The Silent Highway
‘You can bugger off! I’m not getting out of here until you tell me what you did with it.’
Joey Garlick changed his stroke from breast to crawl and the world disappeared as he swam alone along the silent highway, half submerged in the water, Silent highway: Joey liked that phrase. Some journalist from the New York Times had written it about him back in ’93 when he’d won the mile. It was just him and M’Cusker in that race: two hundred and fifty pounds a side and Joey had won the lot in world record time. If he had the money now he wouldn’t be swimming round the mill pond, that’s for sure. He’d be far away from here, where there was sunshine to ease his aches and clean water to swim in.
Each time Joey turned his head sideways to take in air he could hear Annie berate him from the bank. Her shrill voice mingled with the swish of the water to form part of the rhythm of his strokes.
‘Out…death of cold…people think…ridiculous.’
Joey didn’t mind the din from his daughter’s voice; he often swam through it, much to her disgust. As he settled into a steady pace, Annie’s calls became the roar of the crowd lining the banks of Hollingworth Lake and the cheers that greeted him at his testimonial gala in 1925.
Joey was far away, winning the three miler in Rhode Island, when the jab of Annie’s umbrella in the side of his head brought him home. The shock of the blow made him break stroke and he trod water while he looked mournfully at his daughter.
‘What did you do that for?’
‘I want you out of there now father, you’re not staying there to die of cold. I don’t want that on my conscience.’
Annie looked out of place in her best coat, kneeling on the lodge bank. Strangely Joey felt honoured that she was wearing the coat as it was normally reserved for chapel and trips to town. Still, she looked wrong kneeling there, as if the unaccustomed contact of the woollen cloth with the ground lessened her authority.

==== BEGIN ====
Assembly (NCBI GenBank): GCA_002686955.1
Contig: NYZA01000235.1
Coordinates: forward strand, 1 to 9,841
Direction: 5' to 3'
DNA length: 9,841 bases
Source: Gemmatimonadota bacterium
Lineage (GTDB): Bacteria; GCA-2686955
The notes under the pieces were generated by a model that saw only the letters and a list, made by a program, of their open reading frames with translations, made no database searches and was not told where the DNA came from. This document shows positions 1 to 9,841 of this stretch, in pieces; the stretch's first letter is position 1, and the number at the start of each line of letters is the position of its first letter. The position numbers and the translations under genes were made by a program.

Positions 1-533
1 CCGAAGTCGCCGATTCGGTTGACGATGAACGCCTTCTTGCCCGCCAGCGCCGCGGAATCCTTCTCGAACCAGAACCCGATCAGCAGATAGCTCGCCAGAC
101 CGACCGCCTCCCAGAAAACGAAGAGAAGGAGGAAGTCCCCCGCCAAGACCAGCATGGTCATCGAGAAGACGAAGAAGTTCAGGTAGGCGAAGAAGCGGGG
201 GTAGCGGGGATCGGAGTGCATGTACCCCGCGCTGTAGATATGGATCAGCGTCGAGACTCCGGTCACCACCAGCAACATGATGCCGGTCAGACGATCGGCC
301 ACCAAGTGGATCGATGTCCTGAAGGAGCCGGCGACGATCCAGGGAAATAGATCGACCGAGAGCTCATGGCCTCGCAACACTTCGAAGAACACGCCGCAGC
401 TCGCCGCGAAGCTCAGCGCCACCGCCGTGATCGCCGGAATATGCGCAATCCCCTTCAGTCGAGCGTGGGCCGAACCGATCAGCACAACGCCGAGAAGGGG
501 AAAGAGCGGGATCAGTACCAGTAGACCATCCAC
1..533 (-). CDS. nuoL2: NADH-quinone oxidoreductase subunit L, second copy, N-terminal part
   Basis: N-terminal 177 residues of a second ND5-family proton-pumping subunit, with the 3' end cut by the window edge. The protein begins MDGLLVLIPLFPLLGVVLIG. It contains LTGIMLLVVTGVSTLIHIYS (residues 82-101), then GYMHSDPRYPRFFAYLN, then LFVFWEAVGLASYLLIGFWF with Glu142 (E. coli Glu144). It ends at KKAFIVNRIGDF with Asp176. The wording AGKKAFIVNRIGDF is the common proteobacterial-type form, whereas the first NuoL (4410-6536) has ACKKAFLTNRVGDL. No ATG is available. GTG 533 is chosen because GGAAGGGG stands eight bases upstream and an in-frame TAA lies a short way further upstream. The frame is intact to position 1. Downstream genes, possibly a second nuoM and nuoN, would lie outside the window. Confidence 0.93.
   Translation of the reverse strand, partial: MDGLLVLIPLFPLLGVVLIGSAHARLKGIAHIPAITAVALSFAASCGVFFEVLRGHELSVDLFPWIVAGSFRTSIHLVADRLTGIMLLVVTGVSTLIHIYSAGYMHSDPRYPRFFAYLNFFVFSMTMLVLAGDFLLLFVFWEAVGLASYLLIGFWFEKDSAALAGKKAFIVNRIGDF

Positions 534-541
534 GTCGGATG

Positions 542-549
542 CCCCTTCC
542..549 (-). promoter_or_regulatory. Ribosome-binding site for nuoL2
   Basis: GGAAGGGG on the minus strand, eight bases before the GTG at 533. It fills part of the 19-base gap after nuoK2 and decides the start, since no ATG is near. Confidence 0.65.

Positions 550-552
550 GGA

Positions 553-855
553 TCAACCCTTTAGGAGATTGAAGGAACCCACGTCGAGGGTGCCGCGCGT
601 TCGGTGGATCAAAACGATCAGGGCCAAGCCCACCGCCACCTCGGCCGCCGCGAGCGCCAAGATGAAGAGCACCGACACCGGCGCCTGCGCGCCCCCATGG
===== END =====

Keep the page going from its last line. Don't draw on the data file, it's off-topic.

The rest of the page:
‘If you had a conscience you’d tell me where my cup is.’ Joey said.
‘I’ve told you. I don’t know where your blessed cup is and care less.’
The cup was Joey’s last relic, stored with a few photographs and press cuttings from the old days. He had a picture of himself, dripping wet and shaking hands with the Prince of Wales after winning the quarter mile at Regents’ Park. The inscription on the small gold-plated cup said:
Presented by His Royal Highness
Edward, Prince of Wales
to Joseph Garlick Esq.,
Undisputed World Swimming Champion
26th of May, 1894
On market days, when Annie was out of the house, Joey would reach under his bed and fetch out the battered cardboard box that contained his memories. Sometimes he’d sit there alone, reading the press cuttings out loud to himself. On school holidays he’d sit with his grandson and tell him stories of his forty year-old victories.
‘There are not many mill hands that have met the Prince of Wales’; he’d tell the admiring boy.
Then, one market day, only the press cuttings and pictures remained: his cup was gone. Joey was convinced that Annie had taken it, when her coldness towards him had turned to anger. But she remained tight-lipped, only breaking her silence to deny Joey’s increasingly frantic accusations.
Now, today at the pond, Joey wasn’t going to let things lie.
‘Deny it all you like lady,’ he said, ‘and jab at me with that gamp all you want. I’m not shifting, no matter how much you prod and prattle on.’
Annie puffed up her rounded cheeks and looked offended
‘You can’t stay there forever, no matter how much you say you can. But I’ll tell you this father: if you’re not home before dark you’ll find the door locked and you can sleep on the doorstep.’
‘You wouldn’t dare, I’ve still got friends here you know. They still call me Champ in the village, so someone would take me in. Besides, you’d not live down the shame of seeing me beg for a bed.’
Annie reached out for Joey with her umbrella, trying to hook him round his neck with its crook and drag him into the bank. Joey laughed and dodged away easily, sculling backwards just out of his daughter’s reach.